In May 2017, a phishing attack now known as “the Google Docs worm” spread across the internet. It used special web applications to impersonate Google Docs and request deep access to the emails and contact lists in Gmail accounts. The scam was so effective because the requests appeared to come from people the target knew. If they granted access, the app would automatically distribute the same scam email to the victim's contacts, thus perpetuating the worm. The incident ultimately affected more than a million accounts before Google successfully contained it. New research indicates, though, that the company's fixes don't go far enough. Another viral Google Docs scam could happen anytime.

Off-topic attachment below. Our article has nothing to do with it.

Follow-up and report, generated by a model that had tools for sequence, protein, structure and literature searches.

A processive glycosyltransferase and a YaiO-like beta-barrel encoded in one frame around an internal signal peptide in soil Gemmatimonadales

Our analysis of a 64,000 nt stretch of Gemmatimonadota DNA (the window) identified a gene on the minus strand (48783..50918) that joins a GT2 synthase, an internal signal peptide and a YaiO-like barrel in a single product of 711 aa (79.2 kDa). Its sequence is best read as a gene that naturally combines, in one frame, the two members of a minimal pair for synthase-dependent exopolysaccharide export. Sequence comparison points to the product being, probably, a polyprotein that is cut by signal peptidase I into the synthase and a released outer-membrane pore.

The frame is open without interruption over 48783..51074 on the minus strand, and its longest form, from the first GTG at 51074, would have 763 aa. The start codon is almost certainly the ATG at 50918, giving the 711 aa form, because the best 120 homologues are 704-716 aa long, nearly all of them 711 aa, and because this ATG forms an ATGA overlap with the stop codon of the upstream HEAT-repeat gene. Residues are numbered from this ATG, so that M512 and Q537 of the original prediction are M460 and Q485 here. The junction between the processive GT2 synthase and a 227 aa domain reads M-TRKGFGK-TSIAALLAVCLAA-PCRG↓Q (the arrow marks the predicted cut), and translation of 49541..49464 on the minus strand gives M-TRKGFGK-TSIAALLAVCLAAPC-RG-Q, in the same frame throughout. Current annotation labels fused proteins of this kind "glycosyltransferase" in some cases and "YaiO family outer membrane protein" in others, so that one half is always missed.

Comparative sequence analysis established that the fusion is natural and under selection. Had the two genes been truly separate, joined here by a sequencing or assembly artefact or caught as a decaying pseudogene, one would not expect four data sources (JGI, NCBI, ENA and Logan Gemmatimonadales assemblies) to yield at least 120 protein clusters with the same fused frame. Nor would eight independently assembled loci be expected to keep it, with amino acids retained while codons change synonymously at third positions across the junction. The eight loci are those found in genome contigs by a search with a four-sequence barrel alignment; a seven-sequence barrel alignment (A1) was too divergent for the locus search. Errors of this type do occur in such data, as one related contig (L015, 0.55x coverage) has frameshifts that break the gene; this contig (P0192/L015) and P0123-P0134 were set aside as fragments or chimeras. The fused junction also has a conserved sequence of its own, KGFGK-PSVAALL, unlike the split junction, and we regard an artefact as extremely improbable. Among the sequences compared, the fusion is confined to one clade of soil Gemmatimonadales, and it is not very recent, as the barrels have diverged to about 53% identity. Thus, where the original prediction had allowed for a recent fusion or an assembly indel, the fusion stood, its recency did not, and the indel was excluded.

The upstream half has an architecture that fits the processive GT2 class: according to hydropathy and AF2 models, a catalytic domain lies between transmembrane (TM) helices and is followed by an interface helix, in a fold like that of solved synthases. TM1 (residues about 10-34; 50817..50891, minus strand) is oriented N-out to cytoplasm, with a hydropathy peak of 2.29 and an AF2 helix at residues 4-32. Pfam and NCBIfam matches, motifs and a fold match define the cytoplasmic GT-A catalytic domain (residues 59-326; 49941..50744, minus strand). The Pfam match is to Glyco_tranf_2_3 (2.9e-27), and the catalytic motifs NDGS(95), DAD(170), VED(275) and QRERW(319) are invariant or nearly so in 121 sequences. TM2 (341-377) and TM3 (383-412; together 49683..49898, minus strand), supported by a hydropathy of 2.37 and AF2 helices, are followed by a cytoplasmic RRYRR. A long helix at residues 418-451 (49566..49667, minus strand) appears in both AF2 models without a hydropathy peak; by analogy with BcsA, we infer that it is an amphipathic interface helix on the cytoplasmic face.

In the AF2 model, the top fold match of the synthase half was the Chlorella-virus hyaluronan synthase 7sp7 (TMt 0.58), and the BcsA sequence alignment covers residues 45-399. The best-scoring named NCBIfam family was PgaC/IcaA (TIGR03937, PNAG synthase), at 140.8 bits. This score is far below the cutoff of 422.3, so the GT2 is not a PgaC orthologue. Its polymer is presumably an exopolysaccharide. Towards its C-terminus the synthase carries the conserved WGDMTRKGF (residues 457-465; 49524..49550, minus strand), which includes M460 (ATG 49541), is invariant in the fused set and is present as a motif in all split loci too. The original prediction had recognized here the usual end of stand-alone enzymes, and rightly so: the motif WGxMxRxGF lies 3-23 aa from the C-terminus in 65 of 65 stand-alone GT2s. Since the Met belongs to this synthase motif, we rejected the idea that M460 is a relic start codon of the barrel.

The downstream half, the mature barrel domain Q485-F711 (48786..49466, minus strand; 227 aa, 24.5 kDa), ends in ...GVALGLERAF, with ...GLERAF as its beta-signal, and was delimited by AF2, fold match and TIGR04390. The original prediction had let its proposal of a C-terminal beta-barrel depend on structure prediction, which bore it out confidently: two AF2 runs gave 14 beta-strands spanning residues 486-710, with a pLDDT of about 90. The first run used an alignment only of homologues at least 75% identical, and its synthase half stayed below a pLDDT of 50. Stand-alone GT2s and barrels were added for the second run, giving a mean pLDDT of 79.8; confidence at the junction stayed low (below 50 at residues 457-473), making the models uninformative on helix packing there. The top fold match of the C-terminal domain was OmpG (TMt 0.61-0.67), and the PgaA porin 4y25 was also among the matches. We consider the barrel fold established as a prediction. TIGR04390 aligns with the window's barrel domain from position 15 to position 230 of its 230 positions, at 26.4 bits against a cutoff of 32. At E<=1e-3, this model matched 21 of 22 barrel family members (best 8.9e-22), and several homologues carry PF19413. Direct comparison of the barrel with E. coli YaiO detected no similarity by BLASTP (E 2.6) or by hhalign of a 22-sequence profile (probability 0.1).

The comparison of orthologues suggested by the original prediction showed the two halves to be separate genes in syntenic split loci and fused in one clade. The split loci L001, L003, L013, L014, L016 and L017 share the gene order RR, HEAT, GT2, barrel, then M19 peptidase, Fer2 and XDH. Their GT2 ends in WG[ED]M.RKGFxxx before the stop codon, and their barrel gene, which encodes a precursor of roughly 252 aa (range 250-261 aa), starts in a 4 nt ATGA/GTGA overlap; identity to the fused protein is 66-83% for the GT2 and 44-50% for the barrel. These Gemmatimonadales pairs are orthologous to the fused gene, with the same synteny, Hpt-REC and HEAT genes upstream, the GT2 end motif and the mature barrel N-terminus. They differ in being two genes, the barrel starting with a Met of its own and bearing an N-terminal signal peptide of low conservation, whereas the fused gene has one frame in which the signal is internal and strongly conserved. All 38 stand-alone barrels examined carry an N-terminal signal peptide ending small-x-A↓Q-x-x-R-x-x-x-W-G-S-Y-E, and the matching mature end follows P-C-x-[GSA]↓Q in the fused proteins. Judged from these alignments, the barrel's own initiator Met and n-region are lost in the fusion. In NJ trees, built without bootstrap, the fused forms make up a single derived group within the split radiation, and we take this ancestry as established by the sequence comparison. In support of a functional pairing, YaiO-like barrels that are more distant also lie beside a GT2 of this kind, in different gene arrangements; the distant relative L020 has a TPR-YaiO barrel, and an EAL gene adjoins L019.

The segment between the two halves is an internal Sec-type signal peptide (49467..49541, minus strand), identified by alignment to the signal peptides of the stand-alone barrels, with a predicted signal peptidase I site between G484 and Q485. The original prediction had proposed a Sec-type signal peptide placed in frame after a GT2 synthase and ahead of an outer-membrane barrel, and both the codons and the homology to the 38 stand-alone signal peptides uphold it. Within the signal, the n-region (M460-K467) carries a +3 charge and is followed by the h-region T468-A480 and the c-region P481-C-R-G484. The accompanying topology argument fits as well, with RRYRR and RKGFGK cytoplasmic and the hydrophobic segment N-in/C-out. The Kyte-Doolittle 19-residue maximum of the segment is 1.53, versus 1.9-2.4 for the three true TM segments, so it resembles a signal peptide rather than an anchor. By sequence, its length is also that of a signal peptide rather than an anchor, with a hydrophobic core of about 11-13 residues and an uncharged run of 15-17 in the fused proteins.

Google Workspace phishing and scams derive much of their power from manipulating legitimate features and services to abusive ends, says independent security researcher Matthew Bryant. Targets are more likely to fall for the attacks because they trust Google's offerings. The tactic also largely puts the activity outside the purview of antivirus tools or other security scanners, since it's web-based and manipulates legitimate infrastructure.
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